SPSS v.22 (IBM, Chicago, USA) software (IBM Corp., USA) was used for the statistical analysis. Data that conformed to a normal distribution are expressed as means ± standard deviations, and between-group comparisons were conducted using t-tests or analysis of variance (ANOVA). Data with a nonnormal distribution are expressed as the median (minimum–maximum), and comparisons were completed using the rank-sum test. Frequency data are described as number of cases (percentage). A chi-square test was used to complete between-group comparisons where appropriate, while Fisher’s exact test was used when the chi-square test conditions were not met. A P value <0.05 was considered to be statistically significant.
Re-examination on day 1 after laser therapy
In the laser group, there were 18 eyes (39.13%) with keratic precipitates (KP), 14 (30.43%) with anterior chamber flare (±), 23 (50%) with anterior chamber flare (+), and 9 (19.57%) with anterior chamber flare (++). The anterior chamber reaction had disappeared by the time of re-examination 1 week after the operation. The IOP had increased in 3 eyes within 2 weeks of the operation, with a fluctuation of 21–28 mmHg, but it returned to a normal level with medication. The retinal pigment reaction was not clear in 8 eyes, requiring supplementary laser therapy after the operation.
Visual acuity, IOP, and human immunodeficiency viral load
The visual acuity, IOP, and HIV viral load at the end of the induction period were compared between the two groups, and the details are presented in Table 1. The results indicated that there was no statistical significance between the two groups. Among the 96 eyes from the 80 patients treated with anti-CMV therapy in our hospital, 15 had retinal detachment complications. Among the 46 eyes in the laser group, 3 eyes had retinal detachment (an incidence rate of 6.5%), while among the 50 eyes in the nonlaser group, retinal detachment occurred in 12 (an incidence rate of 24%). Clearly, the incidence of retinal detachment in the nonlaser group was significantly higher than that in the laser treatment group, and the difference was statistically significant (P=0.018), as shown in Table 2. However, the differences in the number of CD4+ T cells, HIV viral load, and the time from retinal detachment to the end of the induction period were not statistically significant between the two groups, as shown in Tables 1,2. A typical case is illustrated in Figure 3.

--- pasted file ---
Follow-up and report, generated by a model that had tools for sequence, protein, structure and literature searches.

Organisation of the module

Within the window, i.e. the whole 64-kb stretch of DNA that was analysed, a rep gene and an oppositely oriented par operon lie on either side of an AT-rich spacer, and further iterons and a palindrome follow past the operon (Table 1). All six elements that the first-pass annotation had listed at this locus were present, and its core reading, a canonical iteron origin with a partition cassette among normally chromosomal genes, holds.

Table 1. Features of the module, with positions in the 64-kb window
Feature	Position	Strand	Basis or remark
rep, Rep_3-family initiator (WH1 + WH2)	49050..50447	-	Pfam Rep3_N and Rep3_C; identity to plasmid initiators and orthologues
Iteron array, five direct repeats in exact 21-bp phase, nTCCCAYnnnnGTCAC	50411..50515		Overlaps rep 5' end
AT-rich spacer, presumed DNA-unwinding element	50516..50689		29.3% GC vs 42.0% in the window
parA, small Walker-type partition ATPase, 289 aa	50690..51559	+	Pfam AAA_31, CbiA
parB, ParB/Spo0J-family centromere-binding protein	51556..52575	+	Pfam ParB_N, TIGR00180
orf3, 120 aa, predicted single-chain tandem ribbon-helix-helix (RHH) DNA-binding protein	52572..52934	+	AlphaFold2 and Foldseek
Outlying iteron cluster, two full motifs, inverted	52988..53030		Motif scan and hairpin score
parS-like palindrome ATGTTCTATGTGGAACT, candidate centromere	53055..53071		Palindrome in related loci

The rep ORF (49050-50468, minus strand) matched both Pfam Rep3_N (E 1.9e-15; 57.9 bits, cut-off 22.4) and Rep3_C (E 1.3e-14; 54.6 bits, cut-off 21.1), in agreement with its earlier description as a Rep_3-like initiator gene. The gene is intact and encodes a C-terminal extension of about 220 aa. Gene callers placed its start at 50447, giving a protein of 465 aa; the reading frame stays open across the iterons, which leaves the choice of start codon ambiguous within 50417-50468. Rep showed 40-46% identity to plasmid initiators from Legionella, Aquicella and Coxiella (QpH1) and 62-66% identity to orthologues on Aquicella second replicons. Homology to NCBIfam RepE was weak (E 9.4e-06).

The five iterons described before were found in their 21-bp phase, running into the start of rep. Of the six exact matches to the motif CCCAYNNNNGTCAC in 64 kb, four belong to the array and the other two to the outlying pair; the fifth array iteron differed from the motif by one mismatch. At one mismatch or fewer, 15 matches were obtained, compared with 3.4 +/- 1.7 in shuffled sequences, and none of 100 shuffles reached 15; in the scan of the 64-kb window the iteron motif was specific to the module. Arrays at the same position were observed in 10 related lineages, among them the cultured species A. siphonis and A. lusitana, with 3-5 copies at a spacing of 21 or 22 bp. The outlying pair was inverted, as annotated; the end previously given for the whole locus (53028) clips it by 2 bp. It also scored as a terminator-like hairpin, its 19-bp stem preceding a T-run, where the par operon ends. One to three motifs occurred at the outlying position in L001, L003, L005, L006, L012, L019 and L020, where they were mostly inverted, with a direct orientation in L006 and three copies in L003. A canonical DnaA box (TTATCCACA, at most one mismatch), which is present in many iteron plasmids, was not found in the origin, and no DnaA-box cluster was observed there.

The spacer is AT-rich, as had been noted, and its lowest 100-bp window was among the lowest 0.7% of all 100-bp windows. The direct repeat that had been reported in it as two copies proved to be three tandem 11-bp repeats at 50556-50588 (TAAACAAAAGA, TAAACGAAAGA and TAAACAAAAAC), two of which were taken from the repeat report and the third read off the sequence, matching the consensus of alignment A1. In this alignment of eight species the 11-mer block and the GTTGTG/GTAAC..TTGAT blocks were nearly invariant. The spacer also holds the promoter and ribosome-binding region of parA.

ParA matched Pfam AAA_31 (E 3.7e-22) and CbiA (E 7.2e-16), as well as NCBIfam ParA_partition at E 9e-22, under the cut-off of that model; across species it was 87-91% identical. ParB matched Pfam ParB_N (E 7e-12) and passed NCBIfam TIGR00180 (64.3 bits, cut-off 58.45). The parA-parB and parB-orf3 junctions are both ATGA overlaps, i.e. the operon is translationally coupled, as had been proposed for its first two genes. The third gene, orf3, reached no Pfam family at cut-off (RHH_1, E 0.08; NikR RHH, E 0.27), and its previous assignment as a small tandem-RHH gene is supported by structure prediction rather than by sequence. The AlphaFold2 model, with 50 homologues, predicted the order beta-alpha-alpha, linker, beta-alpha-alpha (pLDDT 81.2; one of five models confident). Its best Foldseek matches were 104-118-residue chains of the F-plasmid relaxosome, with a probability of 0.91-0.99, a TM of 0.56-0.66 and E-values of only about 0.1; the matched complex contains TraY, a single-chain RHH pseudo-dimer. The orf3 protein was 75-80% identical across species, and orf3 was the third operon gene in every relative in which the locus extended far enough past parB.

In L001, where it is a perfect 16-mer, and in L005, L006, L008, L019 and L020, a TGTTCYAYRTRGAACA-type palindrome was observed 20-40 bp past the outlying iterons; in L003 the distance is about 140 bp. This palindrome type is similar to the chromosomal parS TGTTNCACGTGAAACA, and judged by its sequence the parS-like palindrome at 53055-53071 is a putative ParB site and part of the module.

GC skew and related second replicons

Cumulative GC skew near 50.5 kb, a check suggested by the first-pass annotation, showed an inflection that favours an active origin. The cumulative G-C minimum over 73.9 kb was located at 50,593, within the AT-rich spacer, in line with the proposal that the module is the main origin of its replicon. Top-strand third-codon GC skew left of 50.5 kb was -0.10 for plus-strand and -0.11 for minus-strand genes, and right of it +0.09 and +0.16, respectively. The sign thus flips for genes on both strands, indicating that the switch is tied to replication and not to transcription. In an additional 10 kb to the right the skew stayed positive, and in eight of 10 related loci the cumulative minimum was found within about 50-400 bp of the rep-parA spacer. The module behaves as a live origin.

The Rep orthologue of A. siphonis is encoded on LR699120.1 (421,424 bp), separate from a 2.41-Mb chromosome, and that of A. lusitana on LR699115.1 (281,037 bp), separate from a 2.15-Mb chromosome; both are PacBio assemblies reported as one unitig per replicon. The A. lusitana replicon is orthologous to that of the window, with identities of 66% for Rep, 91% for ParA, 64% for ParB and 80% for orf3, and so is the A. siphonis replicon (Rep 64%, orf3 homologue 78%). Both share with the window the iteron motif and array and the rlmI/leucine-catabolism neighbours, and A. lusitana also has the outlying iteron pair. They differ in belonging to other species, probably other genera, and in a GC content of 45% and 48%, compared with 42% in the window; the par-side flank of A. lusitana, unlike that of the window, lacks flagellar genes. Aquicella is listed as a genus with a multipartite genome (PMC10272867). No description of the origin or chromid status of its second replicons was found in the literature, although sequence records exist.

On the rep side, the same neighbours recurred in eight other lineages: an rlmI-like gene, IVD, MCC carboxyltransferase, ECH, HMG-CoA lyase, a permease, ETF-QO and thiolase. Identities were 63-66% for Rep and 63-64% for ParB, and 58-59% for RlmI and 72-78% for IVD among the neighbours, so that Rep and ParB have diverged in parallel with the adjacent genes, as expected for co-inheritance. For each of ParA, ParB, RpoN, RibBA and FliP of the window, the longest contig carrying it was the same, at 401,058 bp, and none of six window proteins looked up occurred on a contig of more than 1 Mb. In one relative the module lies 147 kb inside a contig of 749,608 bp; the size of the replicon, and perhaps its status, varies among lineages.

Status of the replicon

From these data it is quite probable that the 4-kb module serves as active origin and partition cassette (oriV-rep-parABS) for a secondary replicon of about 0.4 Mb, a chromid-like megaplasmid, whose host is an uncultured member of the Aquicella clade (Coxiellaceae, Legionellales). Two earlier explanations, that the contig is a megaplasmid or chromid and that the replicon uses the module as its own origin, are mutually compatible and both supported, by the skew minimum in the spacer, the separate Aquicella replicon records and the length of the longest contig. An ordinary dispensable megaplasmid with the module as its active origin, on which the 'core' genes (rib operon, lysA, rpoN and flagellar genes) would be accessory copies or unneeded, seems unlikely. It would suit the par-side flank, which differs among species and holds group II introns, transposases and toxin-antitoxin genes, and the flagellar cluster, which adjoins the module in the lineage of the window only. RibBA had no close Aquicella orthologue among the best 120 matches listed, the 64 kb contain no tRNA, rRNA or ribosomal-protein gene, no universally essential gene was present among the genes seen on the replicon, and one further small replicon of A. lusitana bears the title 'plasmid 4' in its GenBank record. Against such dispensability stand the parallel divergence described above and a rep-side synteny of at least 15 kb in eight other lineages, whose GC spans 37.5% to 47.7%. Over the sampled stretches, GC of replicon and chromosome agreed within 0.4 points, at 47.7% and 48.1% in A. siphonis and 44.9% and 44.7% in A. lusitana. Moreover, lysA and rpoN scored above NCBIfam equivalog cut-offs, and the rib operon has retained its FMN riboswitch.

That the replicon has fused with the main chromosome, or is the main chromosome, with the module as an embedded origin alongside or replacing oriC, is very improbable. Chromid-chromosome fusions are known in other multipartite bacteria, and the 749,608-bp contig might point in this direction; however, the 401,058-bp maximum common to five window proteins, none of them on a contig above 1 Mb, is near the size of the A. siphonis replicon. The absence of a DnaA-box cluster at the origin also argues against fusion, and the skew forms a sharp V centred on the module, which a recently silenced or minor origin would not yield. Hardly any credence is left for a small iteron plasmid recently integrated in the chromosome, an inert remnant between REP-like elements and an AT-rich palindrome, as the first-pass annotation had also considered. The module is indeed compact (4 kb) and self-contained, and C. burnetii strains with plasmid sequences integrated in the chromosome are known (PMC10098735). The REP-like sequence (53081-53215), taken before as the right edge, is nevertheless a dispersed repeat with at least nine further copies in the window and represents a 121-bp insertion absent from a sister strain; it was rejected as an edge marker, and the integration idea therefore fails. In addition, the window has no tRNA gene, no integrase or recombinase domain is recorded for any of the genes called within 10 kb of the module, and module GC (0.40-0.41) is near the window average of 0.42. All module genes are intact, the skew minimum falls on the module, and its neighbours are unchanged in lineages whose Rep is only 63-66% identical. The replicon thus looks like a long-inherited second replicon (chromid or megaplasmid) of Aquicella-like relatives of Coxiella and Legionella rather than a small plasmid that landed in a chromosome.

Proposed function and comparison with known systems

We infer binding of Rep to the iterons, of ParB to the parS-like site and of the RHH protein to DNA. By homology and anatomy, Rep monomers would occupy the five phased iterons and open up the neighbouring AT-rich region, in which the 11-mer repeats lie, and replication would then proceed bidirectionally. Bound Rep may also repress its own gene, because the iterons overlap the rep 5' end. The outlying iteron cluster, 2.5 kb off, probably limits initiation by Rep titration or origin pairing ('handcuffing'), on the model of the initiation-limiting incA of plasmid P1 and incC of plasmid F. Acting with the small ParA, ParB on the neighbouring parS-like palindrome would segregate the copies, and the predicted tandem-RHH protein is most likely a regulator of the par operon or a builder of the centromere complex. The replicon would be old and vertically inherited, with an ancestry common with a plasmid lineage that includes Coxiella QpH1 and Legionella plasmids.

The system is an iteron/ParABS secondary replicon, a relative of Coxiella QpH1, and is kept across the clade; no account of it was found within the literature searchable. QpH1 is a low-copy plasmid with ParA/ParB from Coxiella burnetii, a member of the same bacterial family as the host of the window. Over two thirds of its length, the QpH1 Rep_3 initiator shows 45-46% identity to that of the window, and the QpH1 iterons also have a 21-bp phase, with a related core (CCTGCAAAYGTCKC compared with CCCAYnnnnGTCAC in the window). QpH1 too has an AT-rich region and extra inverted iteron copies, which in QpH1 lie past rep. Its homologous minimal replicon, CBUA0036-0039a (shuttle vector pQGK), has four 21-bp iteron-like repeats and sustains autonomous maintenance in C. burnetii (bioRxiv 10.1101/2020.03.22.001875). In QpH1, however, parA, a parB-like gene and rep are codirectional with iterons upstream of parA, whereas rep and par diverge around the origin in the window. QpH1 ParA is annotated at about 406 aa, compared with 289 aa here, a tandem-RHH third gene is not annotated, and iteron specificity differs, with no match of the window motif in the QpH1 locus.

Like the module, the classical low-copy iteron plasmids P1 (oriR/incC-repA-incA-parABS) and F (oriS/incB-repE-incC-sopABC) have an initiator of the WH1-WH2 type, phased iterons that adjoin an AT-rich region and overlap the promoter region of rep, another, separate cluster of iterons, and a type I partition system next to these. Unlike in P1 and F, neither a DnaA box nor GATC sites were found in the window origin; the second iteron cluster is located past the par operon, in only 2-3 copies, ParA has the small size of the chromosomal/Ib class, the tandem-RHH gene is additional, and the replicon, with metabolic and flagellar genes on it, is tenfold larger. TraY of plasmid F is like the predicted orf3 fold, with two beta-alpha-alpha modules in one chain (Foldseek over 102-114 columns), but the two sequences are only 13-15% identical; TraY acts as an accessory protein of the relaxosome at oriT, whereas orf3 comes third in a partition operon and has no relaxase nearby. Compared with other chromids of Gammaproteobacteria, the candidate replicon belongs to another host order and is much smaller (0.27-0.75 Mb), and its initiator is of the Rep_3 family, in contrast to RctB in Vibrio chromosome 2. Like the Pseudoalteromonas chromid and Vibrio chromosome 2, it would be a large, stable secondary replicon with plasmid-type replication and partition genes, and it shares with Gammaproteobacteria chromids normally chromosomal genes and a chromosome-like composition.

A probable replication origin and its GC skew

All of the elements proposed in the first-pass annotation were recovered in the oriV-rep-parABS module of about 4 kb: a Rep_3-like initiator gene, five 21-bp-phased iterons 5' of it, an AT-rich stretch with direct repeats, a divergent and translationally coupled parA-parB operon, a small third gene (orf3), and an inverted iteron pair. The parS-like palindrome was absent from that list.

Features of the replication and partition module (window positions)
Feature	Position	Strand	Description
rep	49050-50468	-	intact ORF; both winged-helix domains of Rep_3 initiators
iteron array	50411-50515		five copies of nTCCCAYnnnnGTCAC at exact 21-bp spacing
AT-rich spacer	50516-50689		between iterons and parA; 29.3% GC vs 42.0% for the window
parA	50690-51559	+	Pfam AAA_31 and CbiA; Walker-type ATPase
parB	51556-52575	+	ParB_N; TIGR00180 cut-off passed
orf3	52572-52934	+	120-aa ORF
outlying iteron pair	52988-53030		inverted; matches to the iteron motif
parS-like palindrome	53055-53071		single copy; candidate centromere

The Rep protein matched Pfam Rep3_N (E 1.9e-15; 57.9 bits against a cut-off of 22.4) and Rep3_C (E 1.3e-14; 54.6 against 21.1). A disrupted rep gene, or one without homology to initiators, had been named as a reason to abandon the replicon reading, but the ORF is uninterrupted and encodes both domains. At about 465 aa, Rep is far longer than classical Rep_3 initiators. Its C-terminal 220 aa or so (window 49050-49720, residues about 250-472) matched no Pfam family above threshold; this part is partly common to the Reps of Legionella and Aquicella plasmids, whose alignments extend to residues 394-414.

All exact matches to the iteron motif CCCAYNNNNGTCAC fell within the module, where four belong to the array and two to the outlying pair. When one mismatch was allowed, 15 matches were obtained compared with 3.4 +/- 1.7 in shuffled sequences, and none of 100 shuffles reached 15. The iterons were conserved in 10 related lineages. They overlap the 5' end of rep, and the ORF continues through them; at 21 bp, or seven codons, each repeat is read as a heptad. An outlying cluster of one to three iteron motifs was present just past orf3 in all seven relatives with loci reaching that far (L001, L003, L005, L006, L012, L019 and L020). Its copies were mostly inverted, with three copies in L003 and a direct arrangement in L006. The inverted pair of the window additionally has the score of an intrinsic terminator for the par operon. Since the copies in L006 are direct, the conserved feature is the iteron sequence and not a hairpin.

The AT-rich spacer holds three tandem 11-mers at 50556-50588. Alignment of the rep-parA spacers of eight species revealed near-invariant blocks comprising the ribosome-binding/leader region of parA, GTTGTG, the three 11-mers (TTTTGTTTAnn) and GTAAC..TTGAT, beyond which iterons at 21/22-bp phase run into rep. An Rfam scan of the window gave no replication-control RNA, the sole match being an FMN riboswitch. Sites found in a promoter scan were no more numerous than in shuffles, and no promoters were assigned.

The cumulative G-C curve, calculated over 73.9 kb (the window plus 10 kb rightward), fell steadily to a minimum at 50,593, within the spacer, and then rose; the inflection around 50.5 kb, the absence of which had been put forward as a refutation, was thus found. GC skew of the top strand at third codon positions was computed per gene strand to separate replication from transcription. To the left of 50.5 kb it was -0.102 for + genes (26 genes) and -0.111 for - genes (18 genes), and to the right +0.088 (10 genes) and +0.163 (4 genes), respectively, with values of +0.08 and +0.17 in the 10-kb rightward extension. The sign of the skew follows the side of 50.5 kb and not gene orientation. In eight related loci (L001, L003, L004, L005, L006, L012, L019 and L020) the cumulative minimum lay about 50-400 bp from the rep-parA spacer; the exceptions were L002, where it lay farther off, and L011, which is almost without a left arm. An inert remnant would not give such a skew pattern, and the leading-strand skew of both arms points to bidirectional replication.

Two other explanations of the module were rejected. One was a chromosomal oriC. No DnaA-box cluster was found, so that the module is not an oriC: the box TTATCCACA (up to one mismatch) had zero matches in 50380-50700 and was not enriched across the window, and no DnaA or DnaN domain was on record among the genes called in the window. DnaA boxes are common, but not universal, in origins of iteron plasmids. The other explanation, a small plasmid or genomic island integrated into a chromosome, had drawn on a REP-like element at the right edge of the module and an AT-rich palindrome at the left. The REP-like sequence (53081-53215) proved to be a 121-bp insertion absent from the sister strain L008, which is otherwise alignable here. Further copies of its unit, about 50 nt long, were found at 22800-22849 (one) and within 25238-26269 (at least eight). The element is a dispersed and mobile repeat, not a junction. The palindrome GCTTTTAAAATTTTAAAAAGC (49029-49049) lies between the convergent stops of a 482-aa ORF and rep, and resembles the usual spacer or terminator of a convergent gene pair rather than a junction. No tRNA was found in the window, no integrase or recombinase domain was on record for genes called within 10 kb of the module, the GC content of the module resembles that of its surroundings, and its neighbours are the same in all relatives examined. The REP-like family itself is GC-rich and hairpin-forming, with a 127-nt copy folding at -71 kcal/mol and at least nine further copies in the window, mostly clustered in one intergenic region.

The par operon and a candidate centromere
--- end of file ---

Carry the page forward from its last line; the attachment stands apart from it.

CMVR is the most serious opportunistic eye infection in patients with AIDS, with retinal detachment being one of the main causes of vision loss in patients suffering from the infection. In our hospital, anti-CMV therapy involving an intravenous drip and intravitreal injection of ganciclovir and/or sodium phosphate during the induction period, along the oral administration of ganciclovir during the maintenance period, has achieved good results, generally improving visual quality. However, retinal detachment continues to be a risk for patients. A total of 96 eyes from among 80 AIDS/CMVR patients were treated with anti-CMV therapy in our hospital, and 15 developed retinal detachment. We believe that the causes of this retinal detachment may have been correlated with a number of factors. First, the full-thickness retinal necrosis caused by CMVR may inevitably form numerous holes in the necrotic focus, especially in the junctional region, which is likely to cause retinal detachment. Meanwhile, the vitreous liquefaction would be accelerated due to the vitreoretinal inflammation caused by CMV and the disturbance of the vitreous body by the intravitreal injection, while local vitreous liquefaction may occur due to the formation of a retinal hole. If this occurs, the liquified vitreous body will enter the subretinal cavity through the retinal hole, thus leading to retinal detachment (10-12). Finally, where the CMV virus cannot be completely removed, the retina may undergo chronic inflammatory stimulation and immune reconstruction, which leads to the vitreous opacification and retinal detachment caused by the fibrous proliferative membrane.